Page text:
Three months after my son was born, I started having difficulties breathing, loss of appetite, constant vomiting and heart palpitations. My constant train of thought was always the worst-case scenario. I was back to getting medical help, but this time I was given medication and my therapy helped me understand that worrying about things that I can’t control regarding my baby is not going to do any good for him or myself. It’s always easy for someone to tell you not to worry about things that are beyond your control but due to the chemical imbalance, this process took almost 5 month with step by step therapy sessions, medication and my research regarding my mental health. Being a new mom, it’s inevitable that you are going to worry and be anxious about your little human every single minute of the day but something I learnt about postpartum anxiety disorder is that the logical aspect of your brain is overpowered by the emotional aspect of your brain, understanding this has made me make more sense of all the additional worries and fears.”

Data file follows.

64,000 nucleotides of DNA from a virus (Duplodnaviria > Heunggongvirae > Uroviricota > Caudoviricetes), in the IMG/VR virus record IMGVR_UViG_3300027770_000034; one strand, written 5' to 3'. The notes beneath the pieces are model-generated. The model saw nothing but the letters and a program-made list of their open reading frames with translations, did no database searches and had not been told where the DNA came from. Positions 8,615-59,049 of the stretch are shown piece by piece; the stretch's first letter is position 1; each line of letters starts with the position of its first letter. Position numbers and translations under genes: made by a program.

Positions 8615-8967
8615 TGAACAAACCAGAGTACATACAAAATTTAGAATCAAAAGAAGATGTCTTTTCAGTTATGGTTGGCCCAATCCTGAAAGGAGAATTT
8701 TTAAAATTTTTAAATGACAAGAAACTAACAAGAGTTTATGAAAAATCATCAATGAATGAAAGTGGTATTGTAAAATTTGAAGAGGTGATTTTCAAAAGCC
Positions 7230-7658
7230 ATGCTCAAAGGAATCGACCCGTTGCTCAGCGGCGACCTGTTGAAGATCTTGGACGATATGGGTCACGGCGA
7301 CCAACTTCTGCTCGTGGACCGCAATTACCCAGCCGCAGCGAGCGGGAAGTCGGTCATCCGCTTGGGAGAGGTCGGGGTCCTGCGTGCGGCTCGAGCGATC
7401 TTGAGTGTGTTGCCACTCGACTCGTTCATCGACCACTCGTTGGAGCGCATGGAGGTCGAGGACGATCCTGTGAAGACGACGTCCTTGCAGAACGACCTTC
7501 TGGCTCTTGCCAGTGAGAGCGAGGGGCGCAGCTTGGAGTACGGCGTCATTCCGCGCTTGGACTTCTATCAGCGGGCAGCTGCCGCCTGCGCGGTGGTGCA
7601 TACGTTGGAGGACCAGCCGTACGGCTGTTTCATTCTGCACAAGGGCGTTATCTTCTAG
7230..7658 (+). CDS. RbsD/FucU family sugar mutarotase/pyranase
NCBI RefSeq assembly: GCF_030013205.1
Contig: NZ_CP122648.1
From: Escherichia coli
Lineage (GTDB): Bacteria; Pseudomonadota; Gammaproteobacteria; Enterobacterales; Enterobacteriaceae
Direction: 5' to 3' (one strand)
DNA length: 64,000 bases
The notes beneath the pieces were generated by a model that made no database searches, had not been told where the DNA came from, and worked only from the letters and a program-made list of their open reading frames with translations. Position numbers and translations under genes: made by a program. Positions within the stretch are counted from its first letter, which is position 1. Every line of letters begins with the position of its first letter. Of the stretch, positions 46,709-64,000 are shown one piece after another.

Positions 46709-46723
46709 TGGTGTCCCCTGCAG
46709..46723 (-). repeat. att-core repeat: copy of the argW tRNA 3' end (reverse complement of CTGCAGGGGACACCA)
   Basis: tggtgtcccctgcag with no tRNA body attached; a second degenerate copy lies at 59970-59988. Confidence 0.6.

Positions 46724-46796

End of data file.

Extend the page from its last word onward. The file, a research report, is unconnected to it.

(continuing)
-Avner Deane


 “ As a mum of a 2-year-old, I worry about everything and  I mean everything! Will he fall and hurt himself? Will he get sick? Can I get him nutritious foods and varieties without too many chemicals? And now, the  most recent concern is: “How do I protect my child from Covid?”